Rise of the Celebreligious!

The whole sick culture of celebrity worship should come crashing down any day now. It really should.

It won’t, of course, because something has to fill all the empty space. Since fewer and fewer people read, converse on matters of both import and interest, learn something new about the world they live in, or do something to bring about the world they dream of, there’s a real need for an all-consuming belief system and faux mental activity that’s, like, hip and harmless, not like those mean people in church.

And so, we have the new “celebreligious” movement, where the sheer number of A- through D-list personalities in film, TV, theater, commercials, fashion, music, professional sports, and (hold your nose) politics guarantees no shortage of gods, demiurges, ascended masters, and/or saviors for the yearning masses.

How comical that, once upon a time, TV was called “the wasteland.” Whatever is not on TV today is part of the New Wasteland. That’s a fate worse than death for up and coming yuppies.

The amount of media time—web, radio, TV, billboards, store displays, everywhere—given over to well-coiffed mediocrities, the anointed ones in this new celebreligion, is simply astonishing.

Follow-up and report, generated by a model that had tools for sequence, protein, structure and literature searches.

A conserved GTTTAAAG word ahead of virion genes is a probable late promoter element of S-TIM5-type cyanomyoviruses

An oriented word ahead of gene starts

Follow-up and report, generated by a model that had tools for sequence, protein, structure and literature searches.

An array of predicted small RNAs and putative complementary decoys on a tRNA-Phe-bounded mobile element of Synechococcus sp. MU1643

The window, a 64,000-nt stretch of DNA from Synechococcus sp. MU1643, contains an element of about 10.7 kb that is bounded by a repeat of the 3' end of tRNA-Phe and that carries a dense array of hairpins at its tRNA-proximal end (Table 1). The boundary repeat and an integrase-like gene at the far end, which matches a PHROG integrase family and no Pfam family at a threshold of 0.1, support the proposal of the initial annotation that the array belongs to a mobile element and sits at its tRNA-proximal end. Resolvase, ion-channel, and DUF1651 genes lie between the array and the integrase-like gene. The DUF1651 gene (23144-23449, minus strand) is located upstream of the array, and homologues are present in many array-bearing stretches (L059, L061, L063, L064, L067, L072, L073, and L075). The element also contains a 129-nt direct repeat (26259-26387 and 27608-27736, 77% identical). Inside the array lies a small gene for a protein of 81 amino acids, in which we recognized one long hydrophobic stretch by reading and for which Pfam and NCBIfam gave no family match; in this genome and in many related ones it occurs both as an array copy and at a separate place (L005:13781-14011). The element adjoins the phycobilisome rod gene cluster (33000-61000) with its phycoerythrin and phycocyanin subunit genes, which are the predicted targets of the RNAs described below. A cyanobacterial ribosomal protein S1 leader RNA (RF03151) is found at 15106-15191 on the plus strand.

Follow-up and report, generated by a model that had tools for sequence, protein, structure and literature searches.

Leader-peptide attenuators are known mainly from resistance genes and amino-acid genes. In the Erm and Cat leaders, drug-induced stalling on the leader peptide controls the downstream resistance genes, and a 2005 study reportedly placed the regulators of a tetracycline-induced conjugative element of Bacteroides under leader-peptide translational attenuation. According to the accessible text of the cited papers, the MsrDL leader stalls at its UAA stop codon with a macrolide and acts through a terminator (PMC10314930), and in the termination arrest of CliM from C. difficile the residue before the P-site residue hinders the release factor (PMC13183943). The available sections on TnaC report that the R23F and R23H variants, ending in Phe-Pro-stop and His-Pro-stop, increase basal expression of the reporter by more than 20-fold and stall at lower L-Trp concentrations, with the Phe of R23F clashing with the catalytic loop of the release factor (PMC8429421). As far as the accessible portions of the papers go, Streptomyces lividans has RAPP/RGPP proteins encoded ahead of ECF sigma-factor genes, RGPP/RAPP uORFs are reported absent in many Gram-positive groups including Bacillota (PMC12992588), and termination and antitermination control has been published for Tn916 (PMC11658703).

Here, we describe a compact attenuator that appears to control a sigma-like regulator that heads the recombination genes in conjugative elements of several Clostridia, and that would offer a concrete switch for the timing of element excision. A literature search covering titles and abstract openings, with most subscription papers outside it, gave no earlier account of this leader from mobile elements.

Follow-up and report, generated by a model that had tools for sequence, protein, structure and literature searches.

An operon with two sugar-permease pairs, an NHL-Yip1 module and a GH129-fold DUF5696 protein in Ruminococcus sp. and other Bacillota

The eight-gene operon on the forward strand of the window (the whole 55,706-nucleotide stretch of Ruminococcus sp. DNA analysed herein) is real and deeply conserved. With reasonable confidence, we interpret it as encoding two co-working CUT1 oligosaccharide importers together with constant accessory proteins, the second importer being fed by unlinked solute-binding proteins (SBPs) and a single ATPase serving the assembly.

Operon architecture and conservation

In some “big news” from AOL that came out a couple years ago, which I am showing you by way of exercising the Fair Use doctrine (since I am going to ridicule the thing), we have the ultimate comment on modern fame. We have an acceptably dishy blonde and a Joe Pickup kind of guy, and the caption writers feel that they have to tell us who’s the celebrity. Hmm…

I would have sworn that “unrecognizable celebrity” was an oxymoron. For far too long we have had to endure untalented noodleheads who were, we were told, “famous for being famous.” It’s gone on so long that the gossipmeisters and tabloids are running out of people who fit even that elastic definition.

Get ready for a new paradigm (that’s the third one this week). The media’s bishops and cardinals of celebreligion will now move on to anoint people into celeb-hood and make them “famous for not being famous.” There would appear to be an endless supply of candidates, since it seems to be what much of the American public aspires to, although the route to that status has changed over the generations. People don’t want to work to get rich and maybe even famous anymore in America. They just want to be rich and famous.



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